Tree nut allergy

Tree nut allergy

Classification and external resources
ICD-9-CM 995.64, V15.05
MeSH D021184

A tree nut allergy is a hypersensitivity to dietary substances from tree nuts and edible tree seeds causing an overreaction of the immune system which may lead to severe physical symptoms.[1] Tree nuts include, but are not limited to, almonds, Brazil nuts, cashews, chestnuts, coconuts, filberts/hazelnuts, macadamia nuts, pecans, pistachios, pine nuts,[2] shea nuts and walnuts.[note 1]

Tree nut allergies are distinct from peanut allergy, as peanuts are legumes, whereas a tree nut is a hard-shelled fruit.


People with tree nut allergy are seldom allergic to just one type of nut,[3][4] and are therefore usually advised to avoid all tree nuts, even though an individual may not be allergic to the nuts of all species of trees.

Someone allergic to walnuts or pecans may not have an allergy to cashews or pistachios, because the two groups are only distantly related and do not necessarily share related allergenic proteins. The severity of the allergy varies from person to person, and exposure can increase sensitization. For those with a milder form of the allergy, a reaction which makes the throat feel like cotton may occur . The raw nut protein usually causes a more severe reaction than the oil, and extra roasting or processing can reduce the allergic reaction. Those diagnosed with anaphylaxis will have a more immediate mast cell reaction and be required to avoid all exposure to any allergen-containing products or byproducts, regardless of processing, as they are prone to even greater sensitivity. An allergy test or food challenge may be performed at an allergy clinic to determine the exact allergens. New immunotherapy treatments are being developed for tree nut allergy.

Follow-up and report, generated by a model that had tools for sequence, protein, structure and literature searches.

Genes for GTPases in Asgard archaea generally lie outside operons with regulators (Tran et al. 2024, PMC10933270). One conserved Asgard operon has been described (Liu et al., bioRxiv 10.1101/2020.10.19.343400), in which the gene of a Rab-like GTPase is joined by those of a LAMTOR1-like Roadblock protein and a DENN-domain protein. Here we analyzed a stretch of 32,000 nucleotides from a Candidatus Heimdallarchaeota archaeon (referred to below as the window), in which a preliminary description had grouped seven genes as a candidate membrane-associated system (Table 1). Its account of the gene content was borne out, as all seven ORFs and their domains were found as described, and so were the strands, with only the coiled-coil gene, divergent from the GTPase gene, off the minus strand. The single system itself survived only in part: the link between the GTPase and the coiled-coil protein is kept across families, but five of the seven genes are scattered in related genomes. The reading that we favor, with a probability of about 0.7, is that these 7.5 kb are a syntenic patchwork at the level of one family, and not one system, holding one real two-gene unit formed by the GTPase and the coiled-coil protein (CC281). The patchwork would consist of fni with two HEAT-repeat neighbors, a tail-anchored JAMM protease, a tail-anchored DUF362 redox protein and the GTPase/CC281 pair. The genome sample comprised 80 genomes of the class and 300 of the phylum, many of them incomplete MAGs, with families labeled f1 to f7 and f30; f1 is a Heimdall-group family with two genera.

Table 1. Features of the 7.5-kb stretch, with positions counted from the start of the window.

This allergy tends to be lifelong; recent studies have shown that only about 9% of children outgrow their tree nut allergy.[5]

Hazelnut has been used as a model tree nut in the study of tree nut allergies.[1]

Prevention and treatment

In the United States, the federal Food Allergen Labeling and Consumer Protection Act (FALCPA) requires that any packaged food product that contains tree nuts as an ingredient must list the specific tree nut on the label.[5] Foods that almost always contain tree nuts include pesto, marzipan, Nutella, baklava, pralines, nougat, gianduja, and turrón. Other common foods that may contain tree nuts include cereals, crackers, cookies, baked goods, candy, chocolates, energy/granola bars, flavored coffee, frozen desserts, marinades, barbecue sauces, and some cold cuts, such as mortadella. Tree nut oils (especially shea nut) are also sometimes used in lotions and soaps. Asian and African restaurants, ice cream parlors, and bakeries are considered high-risk for people with tree nut allergy due to the common use of nuts and the possibility of cross contamination.

There has been a single documented case of pink peppercorns (often used in four-blend peppers) causing an allergic reaction in those with nut allergies.[6][7] Pink peppercorn is not a true pepper, but dried roasted berries derived from Schinus terebinthifolius, a flowering plant in the family Anacardiaceae, native to South America. Common names include Brazilian Pepper, Rose Pepper and Christmasberry. Pink peppercorns are used as a spice to add a mild pepper-like taste to foods. It may potentially cause an irritating skin effect and has been associated with atopic dermatitis in canines. Interestingly, S. terebinthifolius is a member of the family Anacardiaceae, which include plants in the genera Anacardium (cashew) and Pistacia (pistachio). No allergens from this plant have been characterized but there is potential for cross-reactivity among different members of the Anacardiaceae family.